The Donkeys are a fairly standard guitars-keyboards-drums indie-rock combo. But on their 2011 album Born with Stripes, multi-instrumentalist Jessie Gulati throws a sitar into the mix on the hypnotic album closer, "East Coast Raga." Gulati learned the sitar from seasoned players while visiting India in 2005 and 2009, so we asked him to offer first-timers some insight into the instrument:
Prepare to suffer: To play sitar, you sit in a cross-legged, yoga-like position. Veteran players can stay seated comfortably, but Gulati's legs would go numb after 15 minutes when he first started out. Even worse, his fingers would be sore and sliced up after a session of working the sitar's unforgiving bronze strings. "There's a sense of pain, a feel-the-burn type feeling, when you first start playing the instrument," he says.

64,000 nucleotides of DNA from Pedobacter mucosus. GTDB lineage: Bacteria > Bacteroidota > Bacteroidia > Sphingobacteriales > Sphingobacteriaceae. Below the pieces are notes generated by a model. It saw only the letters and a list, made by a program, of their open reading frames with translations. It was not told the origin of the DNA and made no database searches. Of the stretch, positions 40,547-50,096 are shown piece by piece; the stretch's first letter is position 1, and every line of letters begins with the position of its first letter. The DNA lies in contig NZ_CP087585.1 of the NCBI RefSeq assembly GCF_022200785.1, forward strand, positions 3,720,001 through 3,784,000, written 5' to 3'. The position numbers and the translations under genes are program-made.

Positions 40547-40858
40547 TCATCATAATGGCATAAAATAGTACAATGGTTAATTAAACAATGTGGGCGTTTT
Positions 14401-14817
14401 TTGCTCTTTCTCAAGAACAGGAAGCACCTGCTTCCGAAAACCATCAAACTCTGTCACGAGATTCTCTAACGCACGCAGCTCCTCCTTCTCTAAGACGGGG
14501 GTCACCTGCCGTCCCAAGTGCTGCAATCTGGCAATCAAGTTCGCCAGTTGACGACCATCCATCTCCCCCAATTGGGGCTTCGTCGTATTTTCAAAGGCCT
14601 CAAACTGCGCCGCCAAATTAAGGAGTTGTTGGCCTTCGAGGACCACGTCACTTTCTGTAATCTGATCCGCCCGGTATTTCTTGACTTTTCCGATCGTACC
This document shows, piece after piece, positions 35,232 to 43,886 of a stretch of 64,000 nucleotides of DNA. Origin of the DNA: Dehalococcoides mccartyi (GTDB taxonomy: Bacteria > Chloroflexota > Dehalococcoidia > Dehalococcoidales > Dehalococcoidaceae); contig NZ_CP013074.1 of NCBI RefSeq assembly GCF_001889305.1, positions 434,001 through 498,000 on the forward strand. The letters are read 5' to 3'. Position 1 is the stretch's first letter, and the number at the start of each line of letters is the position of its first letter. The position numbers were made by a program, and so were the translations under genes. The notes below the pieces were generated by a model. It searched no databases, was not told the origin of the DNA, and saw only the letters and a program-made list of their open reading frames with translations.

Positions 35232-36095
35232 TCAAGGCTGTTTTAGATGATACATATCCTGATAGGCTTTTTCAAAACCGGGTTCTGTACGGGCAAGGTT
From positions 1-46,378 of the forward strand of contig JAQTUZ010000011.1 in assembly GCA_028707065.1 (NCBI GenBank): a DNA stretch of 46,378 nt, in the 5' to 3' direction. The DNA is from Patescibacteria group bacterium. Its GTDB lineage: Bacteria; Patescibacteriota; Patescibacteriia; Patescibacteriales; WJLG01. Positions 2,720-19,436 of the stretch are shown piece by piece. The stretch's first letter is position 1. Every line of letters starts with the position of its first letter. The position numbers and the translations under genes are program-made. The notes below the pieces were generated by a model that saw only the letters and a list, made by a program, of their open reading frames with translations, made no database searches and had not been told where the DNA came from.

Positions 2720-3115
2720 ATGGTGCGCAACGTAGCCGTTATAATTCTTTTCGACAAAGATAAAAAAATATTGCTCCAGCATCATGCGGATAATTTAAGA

Respect the instrument: Indian sitar players regard their talent as a gift and their instrument as their livelihood. Emphasizing clearness of body and mind, Gulati's teachers made sure he took his shoes off, washed his hands and swabbed his sitar before he sat down to play. "It's an extension of you," he says of the instrument. "You need to respect it."
Learn the traditions: Indian classical music is based on melodic modes called ragas, many of which date back hundreds of years. As tempting as it was to jam, Gulati's teachers weren't keen on him improvising on sacred tunes. "You don't fuck with the structure," he says. "You don't fuck with the timing. You keep it all how it's meant to be."
Be patient: The instrument has a huge learning curve. Gulati says he sounded awful as a beginner, and even now, he adds, "I'm not really honestly that good at it." But he's dedicated: "I feel like it's almost a lifelong thing to really understand and master the instrument."
Jessie Gulati will play a solo sitar set at Bar Pink on Sunday, Nov. 20.